Reporting and surviving in an age of geopolitical paranoia

Jul 13, 2023
KOWLOON, HONG KONG People Waiting in Line For Newspapers at Nathan Road Mong Kok in Kowloon, Hong Kong.

Journalism is tough at a time when many topics could be seen through a political lens. Hong Kong provides an interesting case, although it is not the only place where journalism is having to navigate shifting geopolitics and social developments that divide countries and communities.

Pearls and Irritations, created by Australians in Australia, is a case in point. It provides an alternative platform for non-establishments views.

Ever since the 1980s, when it became clear that Hong Kong would be reunified with China, concerns were raised about the future of press freedom. Anxieties stemmed from systemic differences, and human nature.

The British system was seen as relatively liberal versus the Chinese system. Hence, the media in Hong Kong was expected to become less free after 1997.

Furthermore, human nature responds to who butters the bread. Journalists and media managers globally self-censor to avoid trouble – their bosses and advertisers might not want to air controversial issues.

Prior to the passage of the National Security Law (NSL) in 2020, the level of press freedom in Hong Kong was thought to be generally “acceptable”. After its passage, press freedom was seen to have narrowed.

Reporters Without Borders’ World Press Freedom Index showed Hong Kong’s position fell from 73 in 2019 to 80 in 2020 and 2021, fell further to 148 in 2022 and improved slightly to 140 in 2023.

Hong Kong’s Foreign Correspondents’ Club (FCC) press freedom survey 2023 reflected current sentiments. While only a very small number of journalists felt “harassed”, many had left the profession or left Hong Kong altogether. Some local media organisations had packed up, and critics of government had closed shop or became less willing to speak out.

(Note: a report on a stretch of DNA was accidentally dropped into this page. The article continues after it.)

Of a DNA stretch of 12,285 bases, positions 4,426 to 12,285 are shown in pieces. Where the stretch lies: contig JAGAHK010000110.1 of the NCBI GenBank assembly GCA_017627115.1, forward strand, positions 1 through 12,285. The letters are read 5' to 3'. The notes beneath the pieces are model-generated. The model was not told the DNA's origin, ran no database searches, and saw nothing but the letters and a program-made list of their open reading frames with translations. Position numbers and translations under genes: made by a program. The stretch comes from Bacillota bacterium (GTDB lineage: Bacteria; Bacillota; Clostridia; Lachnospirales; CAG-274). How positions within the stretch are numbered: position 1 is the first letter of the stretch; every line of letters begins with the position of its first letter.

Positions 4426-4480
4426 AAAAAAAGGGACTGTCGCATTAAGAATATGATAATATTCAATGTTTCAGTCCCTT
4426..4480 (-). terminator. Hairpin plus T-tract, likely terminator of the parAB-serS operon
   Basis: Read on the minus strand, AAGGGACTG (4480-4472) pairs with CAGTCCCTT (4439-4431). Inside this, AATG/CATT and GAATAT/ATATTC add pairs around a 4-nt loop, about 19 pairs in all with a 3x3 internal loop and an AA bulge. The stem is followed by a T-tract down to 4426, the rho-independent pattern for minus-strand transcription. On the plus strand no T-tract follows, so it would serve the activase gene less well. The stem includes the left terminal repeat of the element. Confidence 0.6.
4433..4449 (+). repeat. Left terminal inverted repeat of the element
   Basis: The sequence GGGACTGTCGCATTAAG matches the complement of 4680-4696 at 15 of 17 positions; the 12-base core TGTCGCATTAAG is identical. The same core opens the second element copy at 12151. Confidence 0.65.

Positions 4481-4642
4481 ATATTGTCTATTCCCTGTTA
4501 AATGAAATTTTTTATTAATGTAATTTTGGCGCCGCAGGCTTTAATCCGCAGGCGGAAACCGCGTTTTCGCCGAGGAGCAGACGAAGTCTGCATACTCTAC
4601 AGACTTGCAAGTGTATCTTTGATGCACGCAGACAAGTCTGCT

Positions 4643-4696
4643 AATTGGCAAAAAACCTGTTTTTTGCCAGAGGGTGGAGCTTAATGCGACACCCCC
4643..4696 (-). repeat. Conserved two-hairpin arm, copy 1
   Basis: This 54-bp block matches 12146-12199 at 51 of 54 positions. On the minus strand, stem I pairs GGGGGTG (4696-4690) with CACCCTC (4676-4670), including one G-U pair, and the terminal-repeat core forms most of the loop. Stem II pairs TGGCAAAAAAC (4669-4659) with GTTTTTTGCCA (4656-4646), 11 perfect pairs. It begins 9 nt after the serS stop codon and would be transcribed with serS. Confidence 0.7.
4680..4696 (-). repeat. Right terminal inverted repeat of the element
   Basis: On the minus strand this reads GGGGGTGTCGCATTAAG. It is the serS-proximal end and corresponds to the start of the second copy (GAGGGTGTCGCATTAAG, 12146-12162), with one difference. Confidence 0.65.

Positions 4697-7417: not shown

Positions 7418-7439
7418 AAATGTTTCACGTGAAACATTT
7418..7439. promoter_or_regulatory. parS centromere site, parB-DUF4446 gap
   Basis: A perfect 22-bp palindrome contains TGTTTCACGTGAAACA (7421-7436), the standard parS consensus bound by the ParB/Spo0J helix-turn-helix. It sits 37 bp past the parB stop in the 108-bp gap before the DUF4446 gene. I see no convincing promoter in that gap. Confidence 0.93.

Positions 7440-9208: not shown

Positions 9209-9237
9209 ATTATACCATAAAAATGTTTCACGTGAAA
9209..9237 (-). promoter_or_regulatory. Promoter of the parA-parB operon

A key concern was knowing where to draw the line. Sensitive topics included politics, government, “China”, protests, independence, democracy, Taiwan, and the NSL. The majority of those surveyed (over 60%) said they self-censored on content, changed the choice of words (such as describing the NSL as “far-reaching” rather than “draconian”), and avoided sensitive topics.

Journalists struggled to practice as professionals but also did not want to rock the boat. Significantly, some said they were producing better copy because they were more sensitised and cautious, and did less editorialising, which presumably meant they stuck to facts and left opinions to the Op-Ed sections.

Self-censorship should be seen within the context that the media tend to take sides in politics. Prior to 1997, the mainland-related newspapers supported China’s views, whereas English and local Hong Kong media supported British and a variety of local views. Those were the “good old days” when Hong Kong was a spot of the West in the East, where press freedom was considered high.

Hong Kong used to be frequently contrasted with Singapore, with its unforgiving Internal Security Act, Sedition Act, and Official Secrets Act.

Is press freedom now better in Singapore than Hong Kong? According to the World Press Freedom Index the answer is marginally yes. Singapore’s ranking in 2019 was 151 (compared to 73 in Hong Kong) and 129 in 2023 (compared to 140 in Hong Kong).